Summit hockey defeats Steamboat Springs, 3-1, for first win of season | SummitDaily.com
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Summit hockey defeats Steamboat Springs, 3-1, for first win of season

Freshman stops 26 of 27 shots in first game minding the net

The Summit High School hockey team practices at Stephen C. West Ice Arena in Breckenridge on Jan. 21. The Tigers defeated the Steamboat Springs Sailors, 3-1, on home ice Monday, Feb. 8.
Photo by Liz Copan / Studio Copan
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Defensive pressure and success out in the open ice propelled the Summit High School varsity hockey team (1-2) to its first win of the season Monday night, 3-1 versus Steamboat Springs High School (0-2).

Tigers head coach JR Engelbert said that in the first period, the Tigers and Sailors came out flat after the game was rescheduled from Saturday night due to adverse weather conditions affecting Steamboat transportation. Once Summit turned up the effort, Engelbert felt the Tigers played hungrier than in their losses to Crested Butte and Battle Mountain.

“We were winning puck battles, we were more responsible with our assignments and positions, we had success on the defensive end, and we got stronger play from our wingers, which helped get the puck up and out of the neutral zone and into our offensive zone to create offensive opportunities,” Engelbert said.



With Summit’s forwards finding open space in more dangerous positions on the ice, the Tigers outshot the Sailors, 35-27, including a 13-6 margin in the second period when Summit took control of the game. The Tigers received all three of their goals from first-line players, beginning with a power-play goal by Ranger Stone just over a minute into the second period assisted by Zach Carleton and Caleb Mallory — the only Tigers power-play goal on six man-advantage opportunities of the night.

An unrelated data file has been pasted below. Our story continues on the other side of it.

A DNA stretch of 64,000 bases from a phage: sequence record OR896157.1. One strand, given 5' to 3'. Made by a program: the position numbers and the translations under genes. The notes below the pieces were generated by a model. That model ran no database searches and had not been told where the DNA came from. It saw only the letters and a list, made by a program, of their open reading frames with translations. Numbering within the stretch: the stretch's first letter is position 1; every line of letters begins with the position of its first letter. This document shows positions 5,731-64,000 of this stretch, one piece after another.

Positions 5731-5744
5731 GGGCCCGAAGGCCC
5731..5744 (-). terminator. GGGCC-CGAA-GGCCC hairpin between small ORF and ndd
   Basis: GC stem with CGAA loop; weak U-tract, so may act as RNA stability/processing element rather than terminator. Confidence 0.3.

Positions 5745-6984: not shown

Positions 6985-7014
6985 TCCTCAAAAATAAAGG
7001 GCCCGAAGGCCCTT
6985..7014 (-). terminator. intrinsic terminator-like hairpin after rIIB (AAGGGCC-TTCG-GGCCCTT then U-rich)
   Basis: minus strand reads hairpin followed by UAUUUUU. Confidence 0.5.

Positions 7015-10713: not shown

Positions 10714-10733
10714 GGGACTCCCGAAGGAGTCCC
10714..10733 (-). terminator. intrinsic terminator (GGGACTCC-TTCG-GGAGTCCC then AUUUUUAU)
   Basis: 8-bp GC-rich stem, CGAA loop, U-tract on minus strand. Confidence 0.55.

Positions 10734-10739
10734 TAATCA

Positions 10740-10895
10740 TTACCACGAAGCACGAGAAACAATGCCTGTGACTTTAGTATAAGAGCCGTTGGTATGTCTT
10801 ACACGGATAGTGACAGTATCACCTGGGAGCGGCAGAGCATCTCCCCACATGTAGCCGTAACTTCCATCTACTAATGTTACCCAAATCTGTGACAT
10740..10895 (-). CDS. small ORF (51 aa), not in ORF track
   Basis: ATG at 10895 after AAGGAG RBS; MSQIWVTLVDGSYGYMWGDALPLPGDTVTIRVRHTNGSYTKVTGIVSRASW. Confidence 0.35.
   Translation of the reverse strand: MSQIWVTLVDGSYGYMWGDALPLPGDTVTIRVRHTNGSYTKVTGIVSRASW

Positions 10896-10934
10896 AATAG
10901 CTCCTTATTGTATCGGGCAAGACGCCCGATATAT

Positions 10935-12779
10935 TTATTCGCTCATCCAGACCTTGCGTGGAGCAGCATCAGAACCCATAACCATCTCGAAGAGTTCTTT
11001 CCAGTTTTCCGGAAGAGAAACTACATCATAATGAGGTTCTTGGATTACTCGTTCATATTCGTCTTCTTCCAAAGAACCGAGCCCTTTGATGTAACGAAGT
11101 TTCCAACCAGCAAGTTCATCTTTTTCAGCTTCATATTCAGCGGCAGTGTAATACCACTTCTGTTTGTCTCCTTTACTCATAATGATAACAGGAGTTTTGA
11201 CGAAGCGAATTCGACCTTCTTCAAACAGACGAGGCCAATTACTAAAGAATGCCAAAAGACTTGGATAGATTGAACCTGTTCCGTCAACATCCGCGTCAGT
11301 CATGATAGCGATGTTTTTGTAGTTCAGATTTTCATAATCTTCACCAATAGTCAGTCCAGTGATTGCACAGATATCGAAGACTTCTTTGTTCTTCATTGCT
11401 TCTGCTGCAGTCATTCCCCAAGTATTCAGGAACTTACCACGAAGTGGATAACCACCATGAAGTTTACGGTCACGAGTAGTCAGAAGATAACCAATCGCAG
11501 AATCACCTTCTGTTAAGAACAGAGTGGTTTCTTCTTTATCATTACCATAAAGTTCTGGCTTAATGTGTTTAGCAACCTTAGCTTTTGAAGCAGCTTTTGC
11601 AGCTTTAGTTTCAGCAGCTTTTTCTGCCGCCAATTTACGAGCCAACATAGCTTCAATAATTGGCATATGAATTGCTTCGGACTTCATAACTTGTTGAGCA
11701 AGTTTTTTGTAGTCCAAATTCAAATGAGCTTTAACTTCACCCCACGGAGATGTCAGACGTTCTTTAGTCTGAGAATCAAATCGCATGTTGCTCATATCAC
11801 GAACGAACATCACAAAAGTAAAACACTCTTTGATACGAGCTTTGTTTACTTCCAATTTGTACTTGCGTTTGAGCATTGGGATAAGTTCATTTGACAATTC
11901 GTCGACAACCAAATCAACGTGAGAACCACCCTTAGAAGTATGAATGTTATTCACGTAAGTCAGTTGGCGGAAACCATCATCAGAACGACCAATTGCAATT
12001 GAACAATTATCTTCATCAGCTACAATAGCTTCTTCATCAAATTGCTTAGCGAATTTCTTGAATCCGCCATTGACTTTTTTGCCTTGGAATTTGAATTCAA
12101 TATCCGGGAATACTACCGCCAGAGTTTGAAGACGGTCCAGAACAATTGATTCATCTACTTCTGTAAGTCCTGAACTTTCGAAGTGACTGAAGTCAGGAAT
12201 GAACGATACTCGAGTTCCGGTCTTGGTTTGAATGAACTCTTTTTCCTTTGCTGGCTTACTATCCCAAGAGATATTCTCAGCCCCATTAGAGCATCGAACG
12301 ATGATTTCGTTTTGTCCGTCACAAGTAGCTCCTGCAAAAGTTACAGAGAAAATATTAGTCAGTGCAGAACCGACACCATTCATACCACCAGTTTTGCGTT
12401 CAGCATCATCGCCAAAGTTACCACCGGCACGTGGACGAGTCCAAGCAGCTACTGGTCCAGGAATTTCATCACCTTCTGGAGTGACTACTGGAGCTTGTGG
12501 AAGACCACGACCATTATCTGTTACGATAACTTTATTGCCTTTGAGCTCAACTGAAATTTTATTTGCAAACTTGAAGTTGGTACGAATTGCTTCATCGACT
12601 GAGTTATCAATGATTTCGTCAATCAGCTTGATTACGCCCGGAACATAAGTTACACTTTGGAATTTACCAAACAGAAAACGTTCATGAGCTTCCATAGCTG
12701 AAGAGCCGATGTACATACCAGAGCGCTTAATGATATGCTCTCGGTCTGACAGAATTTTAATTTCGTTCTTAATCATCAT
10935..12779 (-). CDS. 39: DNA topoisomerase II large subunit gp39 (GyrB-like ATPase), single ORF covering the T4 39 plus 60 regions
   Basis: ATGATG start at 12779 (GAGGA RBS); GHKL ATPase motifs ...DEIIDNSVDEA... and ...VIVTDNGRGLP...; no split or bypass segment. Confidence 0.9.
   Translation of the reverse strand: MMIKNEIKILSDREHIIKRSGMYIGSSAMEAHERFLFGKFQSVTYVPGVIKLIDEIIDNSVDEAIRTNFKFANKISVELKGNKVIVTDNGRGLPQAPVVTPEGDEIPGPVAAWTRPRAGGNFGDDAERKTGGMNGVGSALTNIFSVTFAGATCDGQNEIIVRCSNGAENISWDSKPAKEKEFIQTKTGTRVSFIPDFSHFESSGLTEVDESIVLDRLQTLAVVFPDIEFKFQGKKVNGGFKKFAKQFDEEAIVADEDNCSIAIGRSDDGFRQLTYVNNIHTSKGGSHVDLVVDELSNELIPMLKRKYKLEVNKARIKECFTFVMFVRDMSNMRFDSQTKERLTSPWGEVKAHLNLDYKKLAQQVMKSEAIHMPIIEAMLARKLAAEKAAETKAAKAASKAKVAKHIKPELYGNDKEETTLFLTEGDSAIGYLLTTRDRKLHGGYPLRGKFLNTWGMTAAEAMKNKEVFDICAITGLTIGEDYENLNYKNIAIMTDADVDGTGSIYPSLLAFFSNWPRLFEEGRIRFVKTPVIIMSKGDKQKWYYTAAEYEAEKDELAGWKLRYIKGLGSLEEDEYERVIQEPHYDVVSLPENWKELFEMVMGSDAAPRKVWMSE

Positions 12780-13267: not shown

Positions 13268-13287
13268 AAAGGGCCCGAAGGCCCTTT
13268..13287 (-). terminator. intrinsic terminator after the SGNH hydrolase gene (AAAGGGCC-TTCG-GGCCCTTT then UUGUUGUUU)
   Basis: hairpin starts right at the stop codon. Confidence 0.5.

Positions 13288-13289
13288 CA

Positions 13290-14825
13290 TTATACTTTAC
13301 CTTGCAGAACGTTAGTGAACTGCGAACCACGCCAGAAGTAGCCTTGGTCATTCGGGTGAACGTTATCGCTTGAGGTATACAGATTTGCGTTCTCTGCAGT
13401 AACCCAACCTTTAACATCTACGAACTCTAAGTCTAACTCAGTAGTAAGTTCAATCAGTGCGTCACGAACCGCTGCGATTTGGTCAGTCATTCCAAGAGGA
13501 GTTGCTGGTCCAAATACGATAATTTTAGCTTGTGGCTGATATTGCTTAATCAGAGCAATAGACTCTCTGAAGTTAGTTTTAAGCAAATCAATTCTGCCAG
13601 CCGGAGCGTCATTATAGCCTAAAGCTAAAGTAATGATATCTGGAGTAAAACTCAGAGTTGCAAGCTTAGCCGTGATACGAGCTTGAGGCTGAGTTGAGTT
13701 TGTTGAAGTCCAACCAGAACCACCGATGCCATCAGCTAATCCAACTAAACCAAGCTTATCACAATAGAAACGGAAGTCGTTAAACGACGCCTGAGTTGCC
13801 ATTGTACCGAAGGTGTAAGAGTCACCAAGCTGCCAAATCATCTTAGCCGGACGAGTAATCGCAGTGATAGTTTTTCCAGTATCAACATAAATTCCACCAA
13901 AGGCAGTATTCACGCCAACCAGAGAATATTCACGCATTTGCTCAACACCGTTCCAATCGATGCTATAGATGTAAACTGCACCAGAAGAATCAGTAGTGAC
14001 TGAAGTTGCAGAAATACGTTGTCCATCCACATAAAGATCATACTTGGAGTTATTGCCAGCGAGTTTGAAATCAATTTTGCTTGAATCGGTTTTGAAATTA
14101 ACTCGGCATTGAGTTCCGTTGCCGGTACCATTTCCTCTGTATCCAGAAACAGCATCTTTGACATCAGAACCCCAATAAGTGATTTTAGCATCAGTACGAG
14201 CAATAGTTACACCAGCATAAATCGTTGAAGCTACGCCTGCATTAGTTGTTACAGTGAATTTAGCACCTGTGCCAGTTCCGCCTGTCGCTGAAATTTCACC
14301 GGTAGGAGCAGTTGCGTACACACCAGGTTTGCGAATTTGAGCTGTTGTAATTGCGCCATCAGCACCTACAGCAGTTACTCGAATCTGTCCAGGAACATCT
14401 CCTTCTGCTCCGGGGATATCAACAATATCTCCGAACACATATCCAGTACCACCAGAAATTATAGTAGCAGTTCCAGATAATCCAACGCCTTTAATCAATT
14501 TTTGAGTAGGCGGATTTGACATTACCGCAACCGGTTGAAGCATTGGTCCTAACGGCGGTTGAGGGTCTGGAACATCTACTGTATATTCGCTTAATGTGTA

Summit then extended its lead to 2-0 at the 14:14 mark of the second period, when Boone Steinberg mustered a transition short-handed goal when the Tigers had a man in the penalty box.



“Our Line 1 of Ranger, Boone and Caleb, they are going pretty good right now,” Engelbert said. “Not only did they each have a goal last night, I think all three were out on the ice for all three goals. And the way they did that was by spreading out the ice and working hard. And Boone’s came on a penalty kill. The puck hit off a (Steamboat) forward’s shin pad, and he raced to it in the neutral zone, had an opportunity and was able to finish it.”

Engelbert also complimented the Tigers’ third line of Graham Begley, Calvin Hanson and John Weldon, who the coach said stepped up in terms of consistency and trustworthiness. That, in turn, Engelbert said, helped the Tigers’ top two lines stay fresher and play harder.

Freshman Finn Schroder saw his first action in net at the high school level Monday, and Engelbert said his size and positional soundness did not provide the Sailors much area to shoot the puck. Engelbert described the Sailors’ only goal of the night, which came at the 12:25 mark of the third period on a power play from Aiden Story, as a “dirty goal” that came from in front of the Tigers net when Summit defensemen were unable to clear the puck from the zone.

“Finn did an amazing job (Monday) night,” Tigers senior Foster Krueger said. “He had some saves that really kept us in that game. I’m super proud of him for a freshman in his first-ever varsity game. We were all really stoked to see him perform so well.”

Looking ahead to their next game at home at 6 p.m. Friday, Feb. 12, versus Crested Butte, Engelbert said the Tigers will need to have their forwards back-checking and applying pressure on the defensive end. The coach also said Tigers defensemen will need to continue to maintain gap control and angling and that all Tiger players must be smarter with their line changes. Engelbert said the Sailors earned some man-up opportunities due to three too-many-men penalties on the Tigers.

“And that’s just part of the mental game,” Engelbert said. “Even when you’re not playing, when your line is not out there, you still have to be mentally focused so there’s no confusion. Everyone has to know their responsibility. Against a stronger team, we have to play clean hockey games. And that means staying out of the penalty box with physical play or mental mistakes. If we give Crested Butte opportunities, they’ll eventually bury them, and that makes it hard to catch up.”


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